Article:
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dc.contributor.authorTaheri, Aen_NZ
dc.contributor.authorAguayo, Cen_NZ
dc.date.accessioned2022-02-16T03:42:09Z
dc.date.available2022-02-16T03:42:09Z
dc.date.copyright2021-12-31en_NZ
dc.identifier.citationLINK 2021 Conference Proceedings, Vol. 2 No. 1 (2021). DOI: 10.24135/link2021.v2i1.70
dc.identifier.urihttp://hdl.handle.net/10292/14912
dc.description.abstractConcept-based teaching and learning grounded on a mechanical paradigm has dominated western education tradition since the first industrial revolution. This type of educational tradition is characterised, among other things, by its reductionist and linear mindset that has led to siloed and disconnected knowledge generation. Yet the 21st Century demands us to rethink the traditional roles of the learner, the teacher and the learning environment. Climate change and wicked socio-ecological problems and challenges require a new ‘tradition’ to emerge, dominate and respond to our societal and planetary crisis. Integrated, multidisciplinary and transversal knowledge generation, dissemination and transfer, grounded on a strong critical ethics and philosophical exploration of new alternative educational paradigms, is paramount if we aim to respond accordingly to calls to create a better future today. Today’s 4th industrial revolution fusing Artificial Intelligence (AI) with the Internet of Things (IoT), genetic engineering, quantum mechanics and philosophy, and more is blurring the boundaries between the physical, digital, and biological worlds. This brings along the emergence of new understandings of the nature of human experience, and questions about how to design for it. In this scenario, education must become multidisciplinary again, where new epistemologies are to be the reflection of humanity’s process of change and transformation, while reconnecting with old and ancient knowledge and ways of doing. In the past, knowledge was considered a ‘unity’ whole acquired through journeys in people’s life, from where individuals learn by doing and experiencing every aspect of knowledge. One positive side-effect of embracing a unity view of knowledge today is that we can now make accessible non-western concepts, again, with emphasis on qualitative, subjective, emotional, embodied, ceremonial and spiritual views of knowledge generation and practice. How can we teach such concepts and views within a traditional and reductionist educational western system based on concept-based and siloed education? We cannot. Some knowledge, concepts and notions (known as ‘Qualia’ in the literature) can only be acquired through bodily lived and direct experiences. Today’s digital immersive technology can make it easier to integrate and consume knowledge through digital visualisation and self-led user experiences. New media can afford to provide learners a good foundation on many different disciplines, which normally would take years to achieve based on traditional pedagogy. Experience-based mediums like virtual reality (VR), if used in a non-concept based way, can bridge the knowledge gap existing created by qualia subjects in western societies. Here we argue that the epistemology coming from the Santiago school of cognition, with notions such as embodiment, embodied cognition and enaction, can inform and guide the development of an experience-based type of immersive learning design based on an enactive, self-led user experience. We propose that immersive learning experience design ought to focus first and foremost on ethics and critical philosophy, followed by embodied design for experience-based self-driven illumination. In this presentation we review the conceptual background leading to some examples of current experienced-based learning and self-illumination design exploration in immersive learning design, informed by the epistemology coming from the Santiago school of cognition.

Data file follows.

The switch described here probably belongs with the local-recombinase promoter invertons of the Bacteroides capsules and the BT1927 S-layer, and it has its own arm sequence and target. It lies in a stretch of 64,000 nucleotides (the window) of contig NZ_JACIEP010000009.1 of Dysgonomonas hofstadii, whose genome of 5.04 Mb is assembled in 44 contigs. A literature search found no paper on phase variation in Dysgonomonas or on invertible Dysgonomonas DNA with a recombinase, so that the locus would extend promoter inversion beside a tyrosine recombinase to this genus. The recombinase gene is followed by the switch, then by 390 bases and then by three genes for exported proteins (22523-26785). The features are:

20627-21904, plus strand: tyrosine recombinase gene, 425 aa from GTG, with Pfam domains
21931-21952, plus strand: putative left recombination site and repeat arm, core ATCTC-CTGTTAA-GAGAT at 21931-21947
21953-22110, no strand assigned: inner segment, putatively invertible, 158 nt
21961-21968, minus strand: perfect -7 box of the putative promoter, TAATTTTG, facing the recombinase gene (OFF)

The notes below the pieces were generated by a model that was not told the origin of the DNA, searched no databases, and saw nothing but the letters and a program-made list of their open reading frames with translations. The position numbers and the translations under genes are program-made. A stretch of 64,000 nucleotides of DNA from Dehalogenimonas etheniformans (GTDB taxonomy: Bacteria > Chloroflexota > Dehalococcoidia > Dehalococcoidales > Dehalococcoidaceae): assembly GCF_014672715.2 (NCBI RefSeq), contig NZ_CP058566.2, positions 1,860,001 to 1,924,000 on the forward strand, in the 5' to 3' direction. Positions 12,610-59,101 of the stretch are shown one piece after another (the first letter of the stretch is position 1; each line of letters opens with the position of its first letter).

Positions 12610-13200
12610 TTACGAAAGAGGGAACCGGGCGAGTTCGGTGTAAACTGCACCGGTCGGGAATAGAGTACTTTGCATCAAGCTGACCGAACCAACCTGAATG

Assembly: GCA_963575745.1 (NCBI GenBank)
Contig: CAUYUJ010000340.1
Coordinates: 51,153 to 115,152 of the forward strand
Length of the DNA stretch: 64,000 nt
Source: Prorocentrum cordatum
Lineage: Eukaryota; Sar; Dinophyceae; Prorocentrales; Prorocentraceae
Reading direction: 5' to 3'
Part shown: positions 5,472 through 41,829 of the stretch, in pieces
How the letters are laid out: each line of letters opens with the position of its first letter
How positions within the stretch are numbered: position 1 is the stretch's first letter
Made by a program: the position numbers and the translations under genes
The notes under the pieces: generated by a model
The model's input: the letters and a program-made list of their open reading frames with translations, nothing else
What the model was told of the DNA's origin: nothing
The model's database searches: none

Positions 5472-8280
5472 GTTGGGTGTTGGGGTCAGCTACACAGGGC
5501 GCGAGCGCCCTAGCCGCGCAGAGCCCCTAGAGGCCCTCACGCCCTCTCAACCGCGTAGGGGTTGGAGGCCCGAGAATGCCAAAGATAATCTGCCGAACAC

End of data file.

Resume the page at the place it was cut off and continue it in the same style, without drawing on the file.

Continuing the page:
dc.publisherSchool of Art and Design, AUT
dc.relation.urihttps://ojs.aut.ac.nz/linksymposium/article/view/72en_NZ
dc.rightsCopyright (c) 2021 Claudio Aguaya, Ali Taheri. Creative Commons License. This work is licensed under a Creative Commons Attribution 4.0 International License.
dc.subjectDesign ethics; Embodied design; Experience-based learning; Immersive learning; Self-illumination
dc.titleEmbodied Immersive Design for Experience-Based Learning and Self-Illuminationen_NZ
dc.typeConference Contribution
dc.rights.accessrightsOpenAccessen_NZ
dc.identifier.doi10.24135/link2021.v2i1.72en_NZ
aut.relation.endpage366
aut.relation.issue1en_NZ
aut.relation.pages2
aut.relation.startpage365
aut.relation.volume2en_NZ
pubs.elements-id448687
aut.relation.conferenceLINK 3rd Conference in Practice-Oriented Research in Art & Designen_NZ


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